Caracas: As Venezuela is witnessing its worst economic adversity in history, it is becoming a factor on how people have sex in the country.
According to a BBC report, a box of condoms in Venezuela can burn more than just your pocket, costing a whooping million or more in local currency. The reason obviously is the shortages in supply, however, the habit of Venezuelans buying more than the country can afford is aiding the inflation.
Desperate times call for desperate measures. Not just condoms, the cost of contraceptives in general have skyrocketed and more young women are forming queues outside sterilisation clinics.
"In Venezuela, some people are using old-fashioned ways to avoid getting pregnant and when I said old-fashioned ways, it's like the withdrawal method or the rhythm method, which is tracking your menstrual history to predict when you'll ovulate,” explains local journalist Mariana Zuniga.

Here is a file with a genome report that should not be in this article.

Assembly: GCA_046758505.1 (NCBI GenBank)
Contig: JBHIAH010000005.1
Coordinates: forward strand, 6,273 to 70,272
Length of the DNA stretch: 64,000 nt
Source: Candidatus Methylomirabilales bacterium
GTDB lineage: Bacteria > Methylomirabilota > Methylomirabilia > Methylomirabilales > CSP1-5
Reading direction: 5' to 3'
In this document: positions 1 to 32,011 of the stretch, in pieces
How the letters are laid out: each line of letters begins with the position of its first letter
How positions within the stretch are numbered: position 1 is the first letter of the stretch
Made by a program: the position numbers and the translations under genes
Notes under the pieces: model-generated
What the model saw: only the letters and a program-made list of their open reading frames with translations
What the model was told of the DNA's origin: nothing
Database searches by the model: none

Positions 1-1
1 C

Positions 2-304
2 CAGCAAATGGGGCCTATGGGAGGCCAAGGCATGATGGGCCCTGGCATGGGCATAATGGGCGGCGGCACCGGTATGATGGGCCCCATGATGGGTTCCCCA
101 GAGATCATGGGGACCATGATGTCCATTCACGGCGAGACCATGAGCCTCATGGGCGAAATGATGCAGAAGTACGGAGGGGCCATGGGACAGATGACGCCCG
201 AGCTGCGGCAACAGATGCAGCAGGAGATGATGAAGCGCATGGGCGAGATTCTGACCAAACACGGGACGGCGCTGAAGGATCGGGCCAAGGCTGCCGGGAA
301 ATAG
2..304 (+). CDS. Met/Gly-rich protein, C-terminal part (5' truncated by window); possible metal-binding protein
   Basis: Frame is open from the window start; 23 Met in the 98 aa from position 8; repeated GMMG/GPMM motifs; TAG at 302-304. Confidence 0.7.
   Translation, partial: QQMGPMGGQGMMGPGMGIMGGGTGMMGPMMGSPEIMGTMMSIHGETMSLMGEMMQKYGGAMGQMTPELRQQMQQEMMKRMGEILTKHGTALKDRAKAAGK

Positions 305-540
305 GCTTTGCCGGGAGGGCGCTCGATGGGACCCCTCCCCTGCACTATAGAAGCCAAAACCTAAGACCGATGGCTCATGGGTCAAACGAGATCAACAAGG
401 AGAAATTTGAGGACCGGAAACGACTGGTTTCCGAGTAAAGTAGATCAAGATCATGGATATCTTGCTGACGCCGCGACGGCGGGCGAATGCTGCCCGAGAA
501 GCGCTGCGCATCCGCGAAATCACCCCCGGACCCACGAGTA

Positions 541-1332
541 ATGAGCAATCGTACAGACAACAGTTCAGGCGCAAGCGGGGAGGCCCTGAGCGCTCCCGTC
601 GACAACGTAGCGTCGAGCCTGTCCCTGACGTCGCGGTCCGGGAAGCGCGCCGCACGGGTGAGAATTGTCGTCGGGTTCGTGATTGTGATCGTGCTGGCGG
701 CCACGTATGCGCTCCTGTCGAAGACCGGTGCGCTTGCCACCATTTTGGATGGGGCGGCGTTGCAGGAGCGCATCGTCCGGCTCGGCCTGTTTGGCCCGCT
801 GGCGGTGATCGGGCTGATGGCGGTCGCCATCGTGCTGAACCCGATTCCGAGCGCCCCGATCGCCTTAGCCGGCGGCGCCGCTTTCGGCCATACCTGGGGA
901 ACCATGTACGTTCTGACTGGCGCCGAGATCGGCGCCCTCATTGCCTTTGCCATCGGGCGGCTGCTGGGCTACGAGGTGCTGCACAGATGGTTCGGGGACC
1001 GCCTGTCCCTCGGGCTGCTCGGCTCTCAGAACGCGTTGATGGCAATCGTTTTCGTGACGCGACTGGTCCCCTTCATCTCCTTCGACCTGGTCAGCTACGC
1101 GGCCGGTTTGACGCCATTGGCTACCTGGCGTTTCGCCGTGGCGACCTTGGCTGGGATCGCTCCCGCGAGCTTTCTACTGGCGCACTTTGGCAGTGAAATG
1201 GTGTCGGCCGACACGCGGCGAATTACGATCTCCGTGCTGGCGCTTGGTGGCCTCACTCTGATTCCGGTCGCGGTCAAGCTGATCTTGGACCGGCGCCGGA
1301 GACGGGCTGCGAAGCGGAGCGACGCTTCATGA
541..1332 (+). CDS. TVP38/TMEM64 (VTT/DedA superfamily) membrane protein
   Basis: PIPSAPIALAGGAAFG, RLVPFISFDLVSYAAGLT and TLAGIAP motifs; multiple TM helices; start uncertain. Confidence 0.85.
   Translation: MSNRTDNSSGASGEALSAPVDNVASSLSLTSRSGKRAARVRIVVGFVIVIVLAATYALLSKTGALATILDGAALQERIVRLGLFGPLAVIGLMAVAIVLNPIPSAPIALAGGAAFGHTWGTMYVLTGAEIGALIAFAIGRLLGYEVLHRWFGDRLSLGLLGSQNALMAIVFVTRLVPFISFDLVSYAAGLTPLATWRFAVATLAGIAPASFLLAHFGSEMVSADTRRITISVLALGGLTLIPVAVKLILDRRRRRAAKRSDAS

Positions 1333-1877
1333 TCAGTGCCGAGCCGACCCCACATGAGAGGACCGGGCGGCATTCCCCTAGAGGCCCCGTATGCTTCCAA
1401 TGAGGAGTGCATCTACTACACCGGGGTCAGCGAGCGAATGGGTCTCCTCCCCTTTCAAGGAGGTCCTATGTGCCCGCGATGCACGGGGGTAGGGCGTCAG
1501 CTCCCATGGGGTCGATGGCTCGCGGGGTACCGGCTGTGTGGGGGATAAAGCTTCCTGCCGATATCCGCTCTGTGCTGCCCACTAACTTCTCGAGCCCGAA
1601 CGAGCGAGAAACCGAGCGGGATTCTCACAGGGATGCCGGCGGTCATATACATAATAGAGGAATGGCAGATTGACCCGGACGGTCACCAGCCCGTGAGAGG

Tracking down a sterilisation clinic in Caracas, the national capital, she says that on days when the facility provides 40 free sterilisations, the waiting list runs close to a 500.
The economic crisis has affected people across all age group. Sterilisation in Venezuela is primarily undertaken by women over 30 or with someone with three kids. According to the latest trend, women as young as 19 are not afraid to go under the knife.
"Before, the women that were sterilised in Venezuela were more than 30 [years old] and with more than three children,” the BBC quotes Zuniga as saying.
“Now you can find women [aged] around 19, 20, 24 that are looking to be sterilised because they can't afford to have another [child], because they can't find pills on the market anymore and it’s just desperation, they are desperate.”
Image: Google Images
- How app cabs are changing transportation landscape worldwide
- World Bank downgrades global growth forecasts, poorest countries hardest hit
- UN ‘financial crisis,’ years in the making, Guterres tells budget body, proposes solutions
- China-US trade talks conclude
- ‘New tech’ business model threatens decent work conditions, warns UN